W’African CSOs seek peaceful resolution to Niger crisis
Civil Society Organisations (CSOs) in West Africa have called on the Economic Community of West African States (ECOWAS) to seek alternatives to military action in Niger republic.
In response to the putsch in the country, ECOWAS, led by President Bola Tinubu, had threatened to deploy force, besides economic and financial sanctions, to reinstate the ousted leader, Mohamed Bazoum.
Executive Director of Spaces for Change (S4C), Victoria Ibezim-Ohaeri, told The Guardian that the 15 CSOs were disturbed by the unconstitutional change of governments in West Africa and the planned deployment of force to sanitise the system.
“These concerted plans to deploy maximum force and sanctions against Niger have persisted despite the outright rejection of military operations by the parliaments in West African countries and the warnings by rights groups about the looming humanitarian crisis,” the group stated.
Between August 2020 and July 2023, the sub-region witnessed a string of military take-overs in Mali (August 2020 and May 2021); Chad (April 2021); Guinea (September 2021); Burkina Faso (January 2022) and Niger (July 2023).
Other African countries such as Guinea-Bissau (January 2022) and Gabon (August 2023) have also witnessed successful and unsuccessful coups in recent times, indicating the growing popularity of military overthrows, mostly after flawed elections that produced outcomes that are inconsistent with the wishes of the electorate.
The CSOs condemned the unconstitutional changes of political power, as well as extremely defective electoral processes, worsening insecurity and pervasive governance challenges triggering them.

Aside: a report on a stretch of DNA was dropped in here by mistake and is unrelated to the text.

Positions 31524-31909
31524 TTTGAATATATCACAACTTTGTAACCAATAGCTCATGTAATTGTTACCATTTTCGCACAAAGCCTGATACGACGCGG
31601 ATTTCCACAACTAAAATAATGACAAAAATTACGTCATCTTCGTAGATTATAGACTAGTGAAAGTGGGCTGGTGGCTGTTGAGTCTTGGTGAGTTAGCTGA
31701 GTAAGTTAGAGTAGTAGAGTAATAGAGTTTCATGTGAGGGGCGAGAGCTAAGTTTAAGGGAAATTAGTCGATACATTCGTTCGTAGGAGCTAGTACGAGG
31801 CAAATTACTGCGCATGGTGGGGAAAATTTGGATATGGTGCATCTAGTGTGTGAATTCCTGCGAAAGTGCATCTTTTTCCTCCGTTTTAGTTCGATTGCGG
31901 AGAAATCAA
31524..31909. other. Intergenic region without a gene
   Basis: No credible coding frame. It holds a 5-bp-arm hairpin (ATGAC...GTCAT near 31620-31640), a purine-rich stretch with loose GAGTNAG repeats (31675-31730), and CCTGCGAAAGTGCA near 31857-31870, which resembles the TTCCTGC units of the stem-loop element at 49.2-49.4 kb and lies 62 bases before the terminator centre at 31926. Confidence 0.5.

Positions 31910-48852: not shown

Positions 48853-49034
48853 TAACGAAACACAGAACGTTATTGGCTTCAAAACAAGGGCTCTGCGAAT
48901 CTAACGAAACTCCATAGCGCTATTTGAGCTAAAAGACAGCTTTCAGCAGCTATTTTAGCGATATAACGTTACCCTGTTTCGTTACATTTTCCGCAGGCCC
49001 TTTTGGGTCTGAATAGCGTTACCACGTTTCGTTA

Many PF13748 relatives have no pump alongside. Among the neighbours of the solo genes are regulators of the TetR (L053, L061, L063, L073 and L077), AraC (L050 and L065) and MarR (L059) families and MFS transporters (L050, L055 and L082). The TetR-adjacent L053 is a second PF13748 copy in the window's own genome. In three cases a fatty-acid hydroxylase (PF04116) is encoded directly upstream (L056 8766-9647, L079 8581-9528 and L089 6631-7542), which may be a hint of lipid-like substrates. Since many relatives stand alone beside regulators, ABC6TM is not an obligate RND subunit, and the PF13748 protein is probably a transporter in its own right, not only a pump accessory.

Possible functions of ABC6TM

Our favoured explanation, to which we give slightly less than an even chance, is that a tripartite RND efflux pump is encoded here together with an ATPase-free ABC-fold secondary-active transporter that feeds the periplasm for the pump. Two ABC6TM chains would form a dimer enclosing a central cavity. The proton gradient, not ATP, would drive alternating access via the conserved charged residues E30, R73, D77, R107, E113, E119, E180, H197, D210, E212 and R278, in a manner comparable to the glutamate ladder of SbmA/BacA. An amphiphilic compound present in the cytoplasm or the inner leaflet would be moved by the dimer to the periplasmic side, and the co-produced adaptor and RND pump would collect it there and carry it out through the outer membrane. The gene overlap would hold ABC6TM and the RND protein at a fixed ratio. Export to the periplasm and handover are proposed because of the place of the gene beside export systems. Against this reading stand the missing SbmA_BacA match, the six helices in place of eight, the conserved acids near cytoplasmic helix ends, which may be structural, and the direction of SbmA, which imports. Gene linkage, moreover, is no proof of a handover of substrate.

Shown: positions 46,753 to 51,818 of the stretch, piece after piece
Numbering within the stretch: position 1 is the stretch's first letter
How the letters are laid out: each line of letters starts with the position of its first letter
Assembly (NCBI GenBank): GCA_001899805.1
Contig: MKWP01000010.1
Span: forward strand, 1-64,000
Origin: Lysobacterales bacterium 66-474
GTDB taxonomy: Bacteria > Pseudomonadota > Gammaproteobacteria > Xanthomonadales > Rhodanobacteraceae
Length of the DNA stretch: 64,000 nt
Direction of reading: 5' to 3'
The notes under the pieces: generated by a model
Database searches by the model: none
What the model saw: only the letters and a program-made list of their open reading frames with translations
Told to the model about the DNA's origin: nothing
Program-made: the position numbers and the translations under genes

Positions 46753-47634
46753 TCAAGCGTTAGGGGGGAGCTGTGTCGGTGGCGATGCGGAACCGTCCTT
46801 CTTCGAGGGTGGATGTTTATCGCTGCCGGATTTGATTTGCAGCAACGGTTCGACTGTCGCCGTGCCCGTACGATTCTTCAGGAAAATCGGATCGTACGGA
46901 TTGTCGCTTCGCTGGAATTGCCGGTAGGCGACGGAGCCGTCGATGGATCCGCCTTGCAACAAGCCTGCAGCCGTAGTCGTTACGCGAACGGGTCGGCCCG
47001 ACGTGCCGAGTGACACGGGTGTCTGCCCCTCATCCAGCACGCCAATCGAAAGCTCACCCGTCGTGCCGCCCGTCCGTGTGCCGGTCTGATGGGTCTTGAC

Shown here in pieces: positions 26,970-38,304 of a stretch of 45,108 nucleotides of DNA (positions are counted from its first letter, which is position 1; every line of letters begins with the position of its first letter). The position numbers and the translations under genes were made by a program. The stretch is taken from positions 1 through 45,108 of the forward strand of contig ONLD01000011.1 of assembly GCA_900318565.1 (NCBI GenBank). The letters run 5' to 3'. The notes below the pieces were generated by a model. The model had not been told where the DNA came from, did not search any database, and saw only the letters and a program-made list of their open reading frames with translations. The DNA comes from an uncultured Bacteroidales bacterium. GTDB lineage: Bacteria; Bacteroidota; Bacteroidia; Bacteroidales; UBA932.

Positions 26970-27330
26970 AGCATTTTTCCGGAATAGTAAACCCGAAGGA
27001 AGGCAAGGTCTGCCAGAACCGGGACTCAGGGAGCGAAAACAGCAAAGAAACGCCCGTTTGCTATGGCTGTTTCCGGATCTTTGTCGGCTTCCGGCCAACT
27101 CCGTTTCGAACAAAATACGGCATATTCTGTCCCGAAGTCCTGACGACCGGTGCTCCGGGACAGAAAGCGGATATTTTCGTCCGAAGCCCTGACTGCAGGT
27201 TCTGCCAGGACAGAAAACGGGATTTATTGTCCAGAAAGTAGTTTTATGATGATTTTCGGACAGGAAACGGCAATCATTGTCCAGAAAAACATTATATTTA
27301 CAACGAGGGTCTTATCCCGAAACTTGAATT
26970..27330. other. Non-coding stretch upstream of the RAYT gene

Although Tinubu heads the ECOWAS Standby Force, the Nigerian Senate has rejected the military option as a political solution. The organisations stated: “The use of force has never been a helpful strategy for addressing any form of conflict. Forty-two per cent of Niger’s children are out of school due to the festering violence and protracted conflicts in the Sahel. Additional military action in the country will trigger new source of conflict and cause sporadic increase in the proliferation of weapons and armed fighters in the Sahel, exacerbating the mass displacement of citizens and disruptions to children’s education.
“We urge ECOWAS to shelve its planned military intervention in Niger and seek alternatives to war. Alternatives include considering a comprehensive approach that encompasses political, security and diplomatic dimensions or allowing for a systematic transition to democratic rule in Niger. West African leaders can significantly reduce the occurrence of unconstitutional change of power by creating an enabling environment for the conduct of free and fair elections across the sub-region.”
The rest groups are: Accountability Lab; GPPAC West Africa Network; Centre for Community Empowerment in Conflict and Peacebuilding (CCECP); Building Blocks for Peace Foundation; Rule of Law and Accountability Centre (RULAAC) and Centre for Community Empowerment in Conflict and Peacebuilding (Nigeria).
Others include Community Coalition for Peace and the Promotion of Living Together (COPAVE); Réseau Nigérien Anti-Corruption; ONG ICON–Niger Stop Corruption; ADDENA (Niger); Global Participe (Republique du Congo); Organisation de la Jeunesse Féminine (OJF), BEOG NEERE (Burkina Faso) and Association de Bienfaisance pour le Développement Économique et Local en Afrique (Togo).
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